Cardiopulmonary responses of intratracheally instilled tire particles and constituent metal components.

National Research Council, National Health and Environmental Effects Research Laboratory, U.S. Environmental Protection Agency, Research Triangle Park, North Carolina, USA.
Inhalation Toxicology (Impact Factor: 2.34). 03/2008; 20(5):473-84. DOI: 10.1080/08958370701858427
Source: PubMed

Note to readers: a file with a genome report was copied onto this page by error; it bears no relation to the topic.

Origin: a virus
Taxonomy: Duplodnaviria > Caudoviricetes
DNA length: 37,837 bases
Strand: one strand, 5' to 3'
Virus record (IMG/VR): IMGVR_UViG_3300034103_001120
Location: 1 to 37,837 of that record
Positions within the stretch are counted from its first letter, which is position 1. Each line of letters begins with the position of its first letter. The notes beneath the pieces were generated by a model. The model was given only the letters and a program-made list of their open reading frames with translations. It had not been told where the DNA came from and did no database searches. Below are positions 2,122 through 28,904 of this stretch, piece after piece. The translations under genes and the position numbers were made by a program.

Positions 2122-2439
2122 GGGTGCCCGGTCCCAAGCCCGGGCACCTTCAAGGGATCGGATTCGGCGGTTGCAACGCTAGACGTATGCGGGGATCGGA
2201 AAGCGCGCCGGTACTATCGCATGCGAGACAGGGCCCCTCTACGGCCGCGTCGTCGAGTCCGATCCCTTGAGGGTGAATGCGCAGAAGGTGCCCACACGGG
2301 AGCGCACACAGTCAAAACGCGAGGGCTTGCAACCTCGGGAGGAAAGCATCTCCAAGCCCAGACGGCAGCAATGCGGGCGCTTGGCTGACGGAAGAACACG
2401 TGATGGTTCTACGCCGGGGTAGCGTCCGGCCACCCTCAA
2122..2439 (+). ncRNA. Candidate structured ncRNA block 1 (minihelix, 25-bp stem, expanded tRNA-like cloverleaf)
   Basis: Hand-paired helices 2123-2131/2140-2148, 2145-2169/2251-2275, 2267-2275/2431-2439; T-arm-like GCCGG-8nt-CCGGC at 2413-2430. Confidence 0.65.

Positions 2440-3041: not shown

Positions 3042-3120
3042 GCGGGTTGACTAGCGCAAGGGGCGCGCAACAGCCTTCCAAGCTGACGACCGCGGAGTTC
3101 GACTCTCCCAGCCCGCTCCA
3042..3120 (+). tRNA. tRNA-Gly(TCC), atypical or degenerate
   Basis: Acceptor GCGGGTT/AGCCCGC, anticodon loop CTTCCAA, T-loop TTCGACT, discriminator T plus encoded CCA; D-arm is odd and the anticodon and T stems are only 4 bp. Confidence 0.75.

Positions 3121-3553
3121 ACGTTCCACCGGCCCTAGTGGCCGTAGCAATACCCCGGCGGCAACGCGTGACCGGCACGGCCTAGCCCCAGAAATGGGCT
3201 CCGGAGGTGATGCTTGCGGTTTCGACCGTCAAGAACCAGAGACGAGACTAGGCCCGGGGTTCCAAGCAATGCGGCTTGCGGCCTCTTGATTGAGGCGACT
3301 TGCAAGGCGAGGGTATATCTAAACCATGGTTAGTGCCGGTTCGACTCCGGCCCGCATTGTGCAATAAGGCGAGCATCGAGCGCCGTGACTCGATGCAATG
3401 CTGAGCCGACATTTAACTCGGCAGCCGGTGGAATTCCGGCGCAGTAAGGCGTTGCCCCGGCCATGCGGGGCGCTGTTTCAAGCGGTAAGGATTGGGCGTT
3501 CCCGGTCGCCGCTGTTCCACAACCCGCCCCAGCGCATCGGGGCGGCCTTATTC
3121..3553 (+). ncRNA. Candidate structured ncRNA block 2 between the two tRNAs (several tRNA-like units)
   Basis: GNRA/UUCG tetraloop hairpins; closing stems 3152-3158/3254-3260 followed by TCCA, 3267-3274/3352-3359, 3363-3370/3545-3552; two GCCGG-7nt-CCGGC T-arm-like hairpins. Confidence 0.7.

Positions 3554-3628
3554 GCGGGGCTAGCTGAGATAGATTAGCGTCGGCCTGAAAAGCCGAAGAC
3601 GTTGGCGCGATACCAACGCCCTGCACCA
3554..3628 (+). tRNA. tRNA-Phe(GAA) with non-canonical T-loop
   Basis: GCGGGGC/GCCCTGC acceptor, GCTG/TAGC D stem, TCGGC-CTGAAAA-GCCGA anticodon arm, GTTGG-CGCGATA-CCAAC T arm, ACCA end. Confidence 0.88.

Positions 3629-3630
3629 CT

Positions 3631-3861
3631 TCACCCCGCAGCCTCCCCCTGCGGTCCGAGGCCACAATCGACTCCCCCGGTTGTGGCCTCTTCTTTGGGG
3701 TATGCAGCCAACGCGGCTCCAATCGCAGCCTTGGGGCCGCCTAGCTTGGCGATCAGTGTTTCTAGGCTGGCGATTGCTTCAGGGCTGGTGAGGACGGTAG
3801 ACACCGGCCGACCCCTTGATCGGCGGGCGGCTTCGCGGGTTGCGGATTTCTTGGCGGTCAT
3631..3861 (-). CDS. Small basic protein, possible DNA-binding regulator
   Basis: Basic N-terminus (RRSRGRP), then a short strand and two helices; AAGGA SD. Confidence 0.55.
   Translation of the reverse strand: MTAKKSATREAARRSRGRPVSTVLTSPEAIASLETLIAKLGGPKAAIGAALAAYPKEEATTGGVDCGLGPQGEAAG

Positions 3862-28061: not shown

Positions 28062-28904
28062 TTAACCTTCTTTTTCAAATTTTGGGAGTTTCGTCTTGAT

ABSTRACT Tire and brake wear particles contain transition metals, and contribute to near-road PM. We hypothesized that acute cardiopulmonary injury from respirable tire particles (TP) will depend on the amount of soluble metals. Respirable fractions of two types of TP (TP1 and TP2) were analyzed for water and acid-leachable metals using ICP-AES. Both TP types contained a variety of transition metals, including zinc (Zn), copper (Cu), aluminum, and iron. Zn and Cu were detected at high levels in water-soluble fractions (TP2 > TP1). Male Wistar Kyoto rats (12-14 wk) were intratracheally instilled, in the first study, with saline, TP1 or TP2 (5 mg/kg), and in the second study, with soluble Zn, Cu (0.5 micromol/kg), or both. Pulmonary toxicity and cardiac mitochondrial enzymes were analyzed 1 d, 1 wk, or 4 wk later for TP and 4 or 24 h later for metals. Increases in lavage fluid markers of inflammation and injury were observed at d 1 (TP2 > TP1), but these changes reversed by wk 1. No effects on cardiac enzymes were noted with either TP. Exposure of rats to soluble Zn and Cu caused marked pulmonary inflammation and injury but temporal differences were apparent (Cu effects peaked at 4 h and Zn at 24 h). Instillation of Zn, Cu, and Zn + Cu decreased the activity of cardiac aconitase, isocitrate dehydrogenase, succinate dehydrogenase, cytochrome-c-oxidase and superoxide dismutase suggesting mitochondrial oxidative stress. The observed acute pulmonary toxicity of TP could be due to the presence of water soluble Zn and Cu. At high concentrations these metals may induce cardiac oxidative stress.

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